Backup today can be a PITA. It takes too long, and too much work to automate. That’s what makes this single line backup script one of my favorites. It creates a compressed DD image a remote server in the form of a BZ2 archive. This command is run locally from the machine you want to backup.
First, create your file
Inside xf, paste the following:
#!/bin/bash dd if=/dev/vda1 of=/dev/stdout bs=1M | bzip2 | ssh email@example.com "cat - > /home/backups/Live.img.bz2"
Let’s break this down, so you can create your own command!
First, start by doing a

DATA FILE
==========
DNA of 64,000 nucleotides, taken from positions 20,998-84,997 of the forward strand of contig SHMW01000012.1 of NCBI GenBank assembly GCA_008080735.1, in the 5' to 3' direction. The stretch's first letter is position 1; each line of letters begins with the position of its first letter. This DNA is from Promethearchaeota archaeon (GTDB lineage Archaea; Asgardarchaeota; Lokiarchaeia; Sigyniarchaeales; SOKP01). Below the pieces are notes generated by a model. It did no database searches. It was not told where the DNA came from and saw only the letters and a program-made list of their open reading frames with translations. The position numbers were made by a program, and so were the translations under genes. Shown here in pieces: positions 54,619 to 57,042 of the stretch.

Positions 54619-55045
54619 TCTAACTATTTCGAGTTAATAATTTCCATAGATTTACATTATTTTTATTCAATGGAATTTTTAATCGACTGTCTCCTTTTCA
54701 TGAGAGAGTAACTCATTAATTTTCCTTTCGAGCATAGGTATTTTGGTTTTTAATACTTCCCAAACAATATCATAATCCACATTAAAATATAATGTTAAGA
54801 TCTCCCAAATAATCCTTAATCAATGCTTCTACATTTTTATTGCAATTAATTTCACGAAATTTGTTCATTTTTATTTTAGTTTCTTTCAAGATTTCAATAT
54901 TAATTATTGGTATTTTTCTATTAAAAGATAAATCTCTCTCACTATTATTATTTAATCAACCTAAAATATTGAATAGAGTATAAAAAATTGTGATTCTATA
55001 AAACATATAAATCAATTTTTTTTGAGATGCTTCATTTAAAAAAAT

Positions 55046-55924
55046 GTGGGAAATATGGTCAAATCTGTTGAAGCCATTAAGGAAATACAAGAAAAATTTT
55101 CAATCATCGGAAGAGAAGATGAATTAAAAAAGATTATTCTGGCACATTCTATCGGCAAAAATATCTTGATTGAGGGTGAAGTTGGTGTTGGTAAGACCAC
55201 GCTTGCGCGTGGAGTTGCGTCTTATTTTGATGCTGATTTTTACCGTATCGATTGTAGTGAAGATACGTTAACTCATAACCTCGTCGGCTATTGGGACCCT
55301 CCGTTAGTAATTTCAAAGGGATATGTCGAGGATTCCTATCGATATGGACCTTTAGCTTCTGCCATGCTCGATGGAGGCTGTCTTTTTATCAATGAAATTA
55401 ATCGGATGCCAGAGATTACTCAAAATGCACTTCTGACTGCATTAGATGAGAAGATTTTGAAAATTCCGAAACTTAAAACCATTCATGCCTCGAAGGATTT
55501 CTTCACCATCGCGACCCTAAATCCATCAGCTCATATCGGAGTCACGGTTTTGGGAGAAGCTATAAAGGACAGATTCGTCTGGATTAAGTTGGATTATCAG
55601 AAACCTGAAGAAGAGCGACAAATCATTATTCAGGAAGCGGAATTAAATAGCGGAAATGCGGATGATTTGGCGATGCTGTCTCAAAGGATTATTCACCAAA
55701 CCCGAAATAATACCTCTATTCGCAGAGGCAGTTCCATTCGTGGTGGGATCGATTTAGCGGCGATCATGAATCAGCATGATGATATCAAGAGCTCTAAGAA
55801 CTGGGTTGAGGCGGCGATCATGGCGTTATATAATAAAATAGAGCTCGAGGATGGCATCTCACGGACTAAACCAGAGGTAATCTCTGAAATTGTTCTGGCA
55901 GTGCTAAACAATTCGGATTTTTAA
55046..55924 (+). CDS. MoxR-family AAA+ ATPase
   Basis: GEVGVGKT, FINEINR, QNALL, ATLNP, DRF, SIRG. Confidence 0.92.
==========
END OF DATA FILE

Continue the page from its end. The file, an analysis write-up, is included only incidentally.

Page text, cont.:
df -a to determine the name of your disk, replacing /dev/vda1 with the disk you want to backup.
Second, change firstname.lastname@example.org to your remote server. For best practices you should exchange SSH keys so there is no password prompt. See this tutorial here to exchange keys.
Finally, change /home/backups/Live.img.bz2 to the destination directory and filename you would like on the remote server.
Run the script in a shell to test, and finally automate.
Be sure to make your script executable by running
chmod +x after creation. To run in the background, install
apt-get install nohup. This will allow you to start your backup script in the background, allowing it plenty of time to execute.
nohup ./scriptname & will run the script as a daemon.